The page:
Gucci F/W20: behind the ‘seams’ of styling models on the runway

Alessandro Michele has returned to the Gucci Headquarters in Milan, where he unveiled his new F/W20 womenswear collection after his previous show ‘Gucci SS20’ in Milan last year.

It was hard to believe that he could excel our expectations even more, but Michele expressed his inspiration through a fashion carousel breaking the norm of a conventional runway show, bringing the magic of backstage to life in a variety of vibrant colours and textures.

Upon arrival at the event, the audience was immersed into the backstage of the show through the hair and make-up room while the models were still in their white robes. Usually, during a runway show, it is kept secret. However, this did not stop the expectations building. The venue was integrated with a glass-walled cylinder and a pink sheer curtain crowned by a neon-lit metronome creating a rhythm of time. This enhanced a dramatic opening to the show with classical music playing, as the models began to change out of their robes.

The curtain dropped revealing a creative surprise to Milan Fashion week. Alessandro incorporated an insight into the work that goes into a show, courtesy of a rotating carousel. While stylists were making final adjustments on clothing and applying make-up, the models began to make their way to the front of glass showroom. The use of the lighting was important in the production to reflect the shape and silhouette of the clothing as well as helping the garments stand out against the low light.

Lace detailed accents and 70s suits were spotted on the runway this year during the show. Tailored suits were a very popular staple in this collection ranging in vibrant colours and check prints. They drifted from the ‘traditional masculine suit’ with the use of 80s style broad shoulder pads and oversized jackets for women. In particular, this Aquafresh blue windowpane tailored suit jacket. This reflects previous shows Gucci have done because they choose to not conform to gender stereotypes and represent an active community of freedom of expression. These were paired with wide-leg trousers providing a 70s flair to the final look.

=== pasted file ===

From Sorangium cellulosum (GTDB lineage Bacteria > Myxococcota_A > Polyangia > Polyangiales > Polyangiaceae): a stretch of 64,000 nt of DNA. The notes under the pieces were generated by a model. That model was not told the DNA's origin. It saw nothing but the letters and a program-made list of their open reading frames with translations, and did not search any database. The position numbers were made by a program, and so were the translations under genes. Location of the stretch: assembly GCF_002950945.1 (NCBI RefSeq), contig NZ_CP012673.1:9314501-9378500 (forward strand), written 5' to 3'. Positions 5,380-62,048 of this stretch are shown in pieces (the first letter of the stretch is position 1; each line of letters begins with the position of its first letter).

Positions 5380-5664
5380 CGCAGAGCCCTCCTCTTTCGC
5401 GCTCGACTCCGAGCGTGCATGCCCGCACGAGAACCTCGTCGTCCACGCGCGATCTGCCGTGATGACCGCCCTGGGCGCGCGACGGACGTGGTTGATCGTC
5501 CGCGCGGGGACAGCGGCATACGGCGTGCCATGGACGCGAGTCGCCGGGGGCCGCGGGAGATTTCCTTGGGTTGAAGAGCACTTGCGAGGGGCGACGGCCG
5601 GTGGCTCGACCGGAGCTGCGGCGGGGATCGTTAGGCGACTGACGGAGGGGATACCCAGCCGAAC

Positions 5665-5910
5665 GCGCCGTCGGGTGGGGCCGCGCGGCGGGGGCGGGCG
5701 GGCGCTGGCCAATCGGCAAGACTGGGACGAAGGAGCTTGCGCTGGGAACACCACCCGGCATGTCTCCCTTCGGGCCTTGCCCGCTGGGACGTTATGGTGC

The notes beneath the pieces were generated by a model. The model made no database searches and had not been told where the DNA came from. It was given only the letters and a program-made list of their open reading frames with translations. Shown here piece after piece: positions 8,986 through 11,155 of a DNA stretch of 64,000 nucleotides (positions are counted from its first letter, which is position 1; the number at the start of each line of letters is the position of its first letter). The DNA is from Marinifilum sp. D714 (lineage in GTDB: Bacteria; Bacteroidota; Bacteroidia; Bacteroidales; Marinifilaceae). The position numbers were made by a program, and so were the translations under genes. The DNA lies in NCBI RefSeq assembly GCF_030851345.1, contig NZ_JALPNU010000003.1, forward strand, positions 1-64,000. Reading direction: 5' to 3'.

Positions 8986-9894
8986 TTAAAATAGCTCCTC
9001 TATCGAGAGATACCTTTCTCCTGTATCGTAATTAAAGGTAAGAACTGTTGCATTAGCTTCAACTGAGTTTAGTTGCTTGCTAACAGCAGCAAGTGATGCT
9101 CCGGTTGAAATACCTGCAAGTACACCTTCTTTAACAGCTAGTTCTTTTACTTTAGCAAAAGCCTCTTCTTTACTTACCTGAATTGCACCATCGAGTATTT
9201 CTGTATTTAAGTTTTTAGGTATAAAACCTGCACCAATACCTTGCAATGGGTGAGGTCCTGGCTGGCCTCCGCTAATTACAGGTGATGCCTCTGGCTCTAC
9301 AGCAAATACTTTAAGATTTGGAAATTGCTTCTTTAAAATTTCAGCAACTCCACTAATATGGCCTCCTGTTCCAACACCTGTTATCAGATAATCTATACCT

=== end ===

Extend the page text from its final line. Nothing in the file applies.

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Lace-trimmed scallop collars were detailed on dresses and jackets this season, such as this cropped dogtooth jacket with matching lace gloves providing a uniformed look. Structured with tiers of ruffles a tulle and lace gowns, Alessandro featured elements of the 1800s in his work with large victorian dresses and poke bonnets.

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This transparent dress with a belted corset and embroidered lace along the hem had short puffy sleeves to express an inner child look to the model. This is a statement to the runway by making the models look like China dolls which were an inspiration for the show titled ‘The Ritual’.

The show notes referenced the “ritual”, the “tiniest details of the scene” and the “congregation”. It was the celebratory theme of the little details that make up a show which was reflected in the garments such as lace collars, Victorian ruffled dresses and bold make-up choices such as the black tears painted down the face. This was apparent in Michele’s show last year by creating an environment in which we’re constantly seeking truth and authenticity. However, to complete the show this year, the seamstress and designers took their place in full view of the audience after the models exited which resulted in a round of applause.

Michele transformed the show into a theatre of rich colour combinations while still capturing the creative initiative of Gucci’s signature style. While making his annual appearance at the end of the show he brought a new meaning to society and has left us inspired.

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